Early Evolution of Encounter Text

A number of times in recent episodes of the Wandering DMs D&D Sunday talk show we've wound up debating how much detail is best for published adventure text. So I wanted to share some of the possibilities running around my head from classic D&D products. In particular, for what follows I'll present a snippet of an adventure authored by Gary Gygax, graduated in 2-year intervals throughout his tenure as the "boss" of D&D (1974-1985). I've also intentionally tried to focus on his higher-level adventures, which composed most of his published output, so as to compare like-to-like in as many cases as possible (i.e., I intentionally skipped Keep on the Borderlands for this reason). Here we go:

1974 – Castle Greyhawk Notes

Okay, so this one wasn't exactly published, and it also isn't high-level. But we managed to get a look at Gary's notes for running Castle Greyhawk's first level when Matt Bogen (Eridanis) caught a photo at a special Gen Con 2007 event. As you can see, it's only a single curt bullet-line per encounter area, noting monster type, number range, and treasure (and absolutely nothing else). In fact, it's more stark than that, because multiple rooms on the map are denoted with any one given key number (often a half-dozen or so); and about three-quarters of the rooms have no key whatsoever, being simply empty (in line with the design advice from OD&D Vol-3).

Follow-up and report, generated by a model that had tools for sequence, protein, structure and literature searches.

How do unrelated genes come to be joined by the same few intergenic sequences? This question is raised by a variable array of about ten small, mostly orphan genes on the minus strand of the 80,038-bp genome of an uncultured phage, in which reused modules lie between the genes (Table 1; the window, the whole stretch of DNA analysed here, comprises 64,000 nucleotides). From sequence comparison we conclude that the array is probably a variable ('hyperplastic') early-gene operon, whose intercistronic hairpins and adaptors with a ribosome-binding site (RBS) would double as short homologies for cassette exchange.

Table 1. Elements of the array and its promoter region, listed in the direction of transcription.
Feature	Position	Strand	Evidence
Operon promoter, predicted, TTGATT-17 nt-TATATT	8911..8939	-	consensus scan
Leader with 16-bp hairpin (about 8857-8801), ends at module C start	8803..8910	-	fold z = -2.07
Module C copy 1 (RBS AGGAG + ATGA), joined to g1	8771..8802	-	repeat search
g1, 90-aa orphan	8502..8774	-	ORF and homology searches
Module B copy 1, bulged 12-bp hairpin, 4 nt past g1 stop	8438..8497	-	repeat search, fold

Most everyone involved agrees the map layout is Gygax's original design for Greyhawk from the early 70's (could be 1972-1974 or so), developed in conjunction with the D&D rules; but there is some debate on whether the encounter text is original or not (maybe changed up for convention play?). Personally, I'm pretty confident that the text seen here is either original or in the same basic format -- if Gygax was so famous for improvising things mid-game, what would be the point to rewriting these minimalist text notes? Big thanks to Alan Grohe (grodog) & Zach Howard (Zenopus) for managing to decode that fuzzy photo taken from over Gary's shoulder.

1976 – Lost Caverns of Tsojconth Tournament

This is a snippet from the document Gygax wrote for DMs running the D&D tournament at Winter Con V, which occurred at Oakland University in 1976. Rather than bullet-point atoms, here we at least get full English sentences describing each area (usually 2-3 per encounter). But the emphasis is largely the same: the very first piece of text per area gives the monsters and hit points; this is followed by a small bit of descriptive text, and ends by denoting a treasure value (possibly none). Instead of a numeric range for monster number appearing (as in his Greyhawk notes), the monster numbers are now fixed, and their hit points are listed in advance. Arguably this might be motivated by the tournament situation where the strength of encounters should be as fixed as possible across different tables. We should also note that the back of the document has a table (one page per dungeon level) with summary statistics for all the monsters present, including number, hit points, move, attacks, and specials -- and even a "hit bonus" and a target number to hit each PC in the adventure, which is equivalent to ascending-AC in the d20 system (!).